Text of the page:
Will the SA/Monterrey High-Speed Rail Line Really Happen?
Published: January 22, 2014
This isn’t the only high-speed possibility in Texas, either. Much has been made of private company Texas Central Railway’s plans to develop a high-speed, electric train line between Houston and Dallas. Earlier this month, Foxx told attendees of the Texas Transportation Forum that two environmental impact studies for the proposed line would move forward this year.
Moreover, federal interest in developing high-speed rail networks remains high; President Barack Obama unveiled a plan to connect 80 percent of the country by high-speed rail in 2009, but was thwarted early on by wary Republican governors in several states who rejected federal funding on the grounds that it could put state taxpayers on the hook for billions more. Private-public partnerships, which would almost certainly be utilized in the SA-Monterrey line according to both Cuellar and Gonzalez, are seen as a way to mitigate this concern. Since the early days of high-speed rail planning, Texas has always been a prime candidate due to its spread-out cities and flat geography. However, Republican opposition to taxpayer-funded high-speed rail remains high as well, and given the long timetables for these projects, a change in administration could kill, stall or curtail these plans.
In Mexico, the excitement is more palpable. President Enrique Peña Nieto’s administration has moved quickly to make high-speed rail a reality, with planned lines in the Yucatán Peninsula and from Mexico City to Queretaro described as in a “very advanced” study phase according to Mexico’s Secretariat of Transport and Communications. Gonzalez also said that Mexico’s railways are slated to become deregulated in February, meaning the high-speed plan will be ripe for private investment.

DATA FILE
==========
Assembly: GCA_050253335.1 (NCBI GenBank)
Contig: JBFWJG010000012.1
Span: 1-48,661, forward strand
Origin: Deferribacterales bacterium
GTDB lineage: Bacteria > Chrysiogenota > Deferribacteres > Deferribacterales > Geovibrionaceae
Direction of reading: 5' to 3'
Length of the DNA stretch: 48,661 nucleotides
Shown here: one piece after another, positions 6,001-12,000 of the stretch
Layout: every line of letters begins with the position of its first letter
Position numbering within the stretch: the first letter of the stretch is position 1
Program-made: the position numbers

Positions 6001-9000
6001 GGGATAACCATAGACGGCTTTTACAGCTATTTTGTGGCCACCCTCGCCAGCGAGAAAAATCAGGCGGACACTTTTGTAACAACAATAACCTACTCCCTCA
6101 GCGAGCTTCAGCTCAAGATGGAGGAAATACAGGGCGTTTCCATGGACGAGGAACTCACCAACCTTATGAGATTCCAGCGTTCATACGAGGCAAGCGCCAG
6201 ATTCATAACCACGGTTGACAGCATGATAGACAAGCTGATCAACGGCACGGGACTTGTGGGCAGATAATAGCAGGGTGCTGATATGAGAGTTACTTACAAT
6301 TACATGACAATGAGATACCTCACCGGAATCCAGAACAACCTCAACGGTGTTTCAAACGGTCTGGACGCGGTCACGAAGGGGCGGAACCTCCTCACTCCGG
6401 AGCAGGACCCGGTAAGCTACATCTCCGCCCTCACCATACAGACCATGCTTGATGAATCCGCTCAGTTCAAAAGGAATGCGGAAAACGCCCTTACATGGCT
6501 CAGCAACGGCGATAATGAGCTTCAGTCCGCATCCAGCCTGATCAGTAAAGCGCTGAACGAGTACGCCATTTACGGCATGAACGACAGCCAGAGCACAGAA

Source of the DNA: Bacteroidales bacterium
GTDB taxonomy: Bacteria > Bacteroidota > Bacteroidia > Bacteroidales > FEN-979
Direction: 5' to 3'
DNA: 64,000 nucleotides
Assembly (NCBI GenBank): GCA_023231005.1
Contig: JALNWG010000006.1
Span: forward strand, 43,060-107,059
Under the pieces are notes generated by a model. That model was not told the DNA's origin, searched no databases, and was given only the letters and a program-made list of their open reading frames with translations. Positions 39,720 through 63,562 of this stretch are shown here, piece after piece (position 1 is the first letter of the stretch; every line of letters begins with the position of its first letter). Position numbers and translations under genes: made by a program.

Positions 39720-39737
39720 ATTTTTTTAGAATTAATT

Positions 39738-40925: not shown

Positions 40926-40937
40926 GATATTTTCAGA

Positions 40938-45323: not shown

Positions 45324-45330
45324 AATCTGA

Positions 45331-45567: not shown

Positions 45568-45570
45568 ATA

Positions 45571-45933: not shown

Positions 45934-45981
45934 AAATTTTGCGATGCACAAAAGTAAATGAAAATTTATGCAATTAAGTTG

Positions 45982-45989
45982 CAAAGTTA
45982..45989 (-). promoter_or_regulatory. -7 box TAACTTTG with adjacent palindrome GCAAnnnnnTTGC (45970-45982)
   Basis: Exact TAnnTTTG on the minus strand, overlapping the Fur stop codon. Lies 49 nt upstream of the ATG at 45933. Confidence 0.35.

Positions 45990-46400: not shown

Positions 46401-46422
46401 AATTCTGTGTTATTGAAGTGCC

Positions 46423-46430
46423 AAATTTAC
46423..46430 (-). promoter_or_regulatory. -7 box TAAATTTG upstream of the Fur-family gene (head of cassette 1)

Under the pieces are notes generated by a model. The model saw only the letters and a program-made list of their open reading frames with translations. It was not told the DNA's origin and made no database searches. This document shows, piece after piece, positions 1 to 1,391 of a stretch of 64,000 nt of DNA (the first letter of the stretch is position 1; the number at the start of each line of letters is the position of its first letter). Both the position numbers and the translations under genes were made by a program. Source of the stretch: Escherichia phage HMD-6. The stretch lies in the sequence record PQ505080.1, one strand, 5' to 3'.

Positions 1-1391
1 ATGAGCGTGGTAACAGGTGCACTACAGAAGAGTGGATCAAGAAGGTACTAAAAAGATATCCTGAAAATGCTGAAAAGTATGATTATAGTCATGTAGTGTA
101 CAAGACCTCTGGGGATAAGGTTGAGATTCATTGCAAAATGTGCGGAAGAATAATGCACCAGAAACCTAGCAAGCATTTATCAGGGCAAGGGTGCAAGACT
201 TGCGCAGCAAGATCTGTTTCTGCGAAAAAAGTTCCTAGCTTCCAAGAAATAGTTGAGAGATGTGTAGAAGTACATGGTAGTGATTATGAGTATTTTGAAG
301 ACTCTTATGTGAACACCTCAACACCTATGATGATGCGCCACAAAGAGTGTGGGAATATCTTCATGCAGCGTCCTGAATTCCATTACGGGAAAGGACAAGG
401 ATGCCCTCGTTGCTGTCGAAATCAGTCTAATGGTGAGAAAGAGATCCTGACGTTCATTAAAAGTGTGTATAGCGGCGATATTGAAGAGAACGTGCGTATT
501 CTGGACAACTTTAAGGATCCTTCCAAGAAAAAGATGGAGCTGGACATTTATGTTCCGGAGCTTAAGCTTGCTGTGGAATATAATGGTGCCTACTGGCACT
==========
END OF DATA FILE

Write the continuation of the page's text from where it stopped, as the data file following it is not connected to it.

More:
Domene said the Mexico City-Queretaro line, which covers roughly the same distance as the proposed Monterrey-Nuevo Laredo line, is estimated to cost $4.5 billion and currently the government anticipates both lines will have virtually the same pricetag. The Mexican delegation said during the press conference that they anticipate construction and operation funding to be made available next year. “It’s really exciting to see what the Mexicans have,” said Cuellar during the press conference, “so we gotta make sure the U.S. catches up.”
While it’s too early in the process for Cuellar to start making promises about a timetable, budget or private partnership, the delegation was comfortable making the following statements: The line would be non-stop from Mexico to the border; would not operate on existing rail lines; and could get passengers between the two cities in about two hours. Cuellar said by phone that U.S. Customs preclearance and a strong collaboration from Mexico (“I feel that they’re going to do everything they can to make sure [the train] is secure,”) should help alleviate security concerns.
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